The Spirit of Disobedience
July 6, 2016 § Leave a comment
“…you are saying our problem is civil disobedience. That is not our problem…. Our problem is civil obedience. Our problem is the numbers of people all over the world who have obeyed the dictates of the leaders of their government and have gone to war, and millions have been killed because of this obedience. … What we are trying to do, I assume, is really to get back to the principles and aims and spirit of the Declaration of Independence. This spirit is resistance to illegitimate authority and to forces that deprive people of their life and liberty and right to pursue happiness, and therefore under these conditions, it urges the right to alter or abolish their current form of government-and the stress had been on abolish. But to establish the principles of the Declaration of Independence, we are going to need to go outside the law, to stop obeying the laws that demand killing or that allocate wealth the way it has been done, or that put people in jail for petty technical offenses and keep other people out of jail for enormous crimes. My hope is that this kind of spirit will take place not just in this country but in other countries because they all need it. People in all countries need the spirit of disobedience to the state, which is not a metaphysical thing but a thing of force and wealth. And we need a kind of declaration of interdependence among people in all countries of the world who are striving for the same thing.”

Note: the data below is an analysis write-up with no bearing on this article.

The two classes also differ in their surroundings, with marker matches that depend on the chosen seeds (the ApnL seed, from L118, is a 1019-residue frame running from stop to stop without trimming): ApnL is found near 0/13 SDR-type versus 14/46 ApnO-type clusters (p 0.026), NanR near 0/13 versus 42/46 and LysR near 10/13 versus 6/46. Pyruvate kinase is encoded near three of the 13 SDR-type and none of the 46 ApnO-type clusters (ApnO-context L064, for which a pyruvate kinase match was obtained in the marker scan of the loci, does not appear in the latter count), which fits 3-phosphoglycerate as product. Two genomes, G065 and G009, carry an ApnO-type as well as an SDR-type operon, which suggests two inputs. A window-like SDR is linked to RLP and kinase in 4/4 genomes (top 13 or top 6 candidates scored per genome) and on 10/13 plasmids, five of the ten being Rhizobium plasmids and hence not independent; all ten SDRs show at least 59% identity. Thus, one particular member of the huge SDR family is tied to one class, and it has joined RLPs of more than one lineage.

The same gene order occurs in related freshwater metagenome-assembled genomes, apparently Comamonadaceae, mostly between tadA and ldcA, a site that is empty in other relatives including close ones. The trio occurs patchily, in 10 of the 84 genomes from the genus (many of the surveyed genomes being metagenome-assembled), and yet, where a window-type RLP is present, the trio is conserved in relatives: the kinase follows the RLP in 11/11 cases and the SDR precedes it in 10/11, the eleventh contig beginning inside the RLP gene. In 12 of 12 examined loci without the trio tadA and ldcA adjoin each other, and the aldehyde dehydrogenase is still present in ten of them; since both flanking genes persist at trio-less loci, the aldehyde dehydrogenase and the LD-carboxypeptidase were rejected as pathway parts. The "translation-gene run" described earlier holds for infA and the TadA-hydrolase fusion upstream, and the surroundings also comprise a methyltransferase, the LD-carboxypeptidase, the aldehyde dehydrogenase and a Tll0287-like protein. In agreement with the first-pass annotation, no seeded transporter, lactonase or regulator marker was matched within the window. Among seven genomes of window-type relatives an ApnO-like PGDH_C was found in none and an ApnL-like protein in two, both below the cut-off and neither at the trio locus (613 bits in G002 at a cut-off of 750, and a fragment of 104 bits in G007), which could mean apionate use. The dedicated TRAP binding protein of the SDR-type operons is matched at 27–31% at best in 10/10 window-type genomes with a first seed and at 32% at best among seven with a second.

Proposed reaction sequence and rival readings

This is Matt Damon reading from a 1970 speech by author and historian Howard Zinn(1) that has captured at least some sentiments of both liberals and conservatives. Zinn himself was leftist and historical revisionist, and Damon is also progressive in many ways. Yet conservative Americans can relate to the idea of “a spirit is resistance to illegitimate authority” under the current administration, and our need to “establish the principles of the Declaration of Independence,” (or re-establish them). But we’ll disagree over what those principles are and whether their meaning should be reinterpreted in light of contemporary culture.
Regardless of the reason we may have to disobey a governing authority, everyone who seeks to leave one authority is answering a perceived higher calling of another. Civil disobedience is an undertaking that Christians are not to take lightly in light of Romans 13, God’s call to respect the authorities he’s established, except when they contradict God’s law. And for Christians, God’s authority, established in His written word, is what we are to leave all other authorities for, and His word is also what defines illegitimate authority. Sometimes the authority we should abandon is our government, and sometimes it’s ourselves.
In any case, “the spirit of disobedience” is not an answer by itself (indeed it was the very first problem in Genesis 3). We first need to identify who our ultimate legitimate authority is. Frankly, if it isn’t God, it will always be one worth leaving.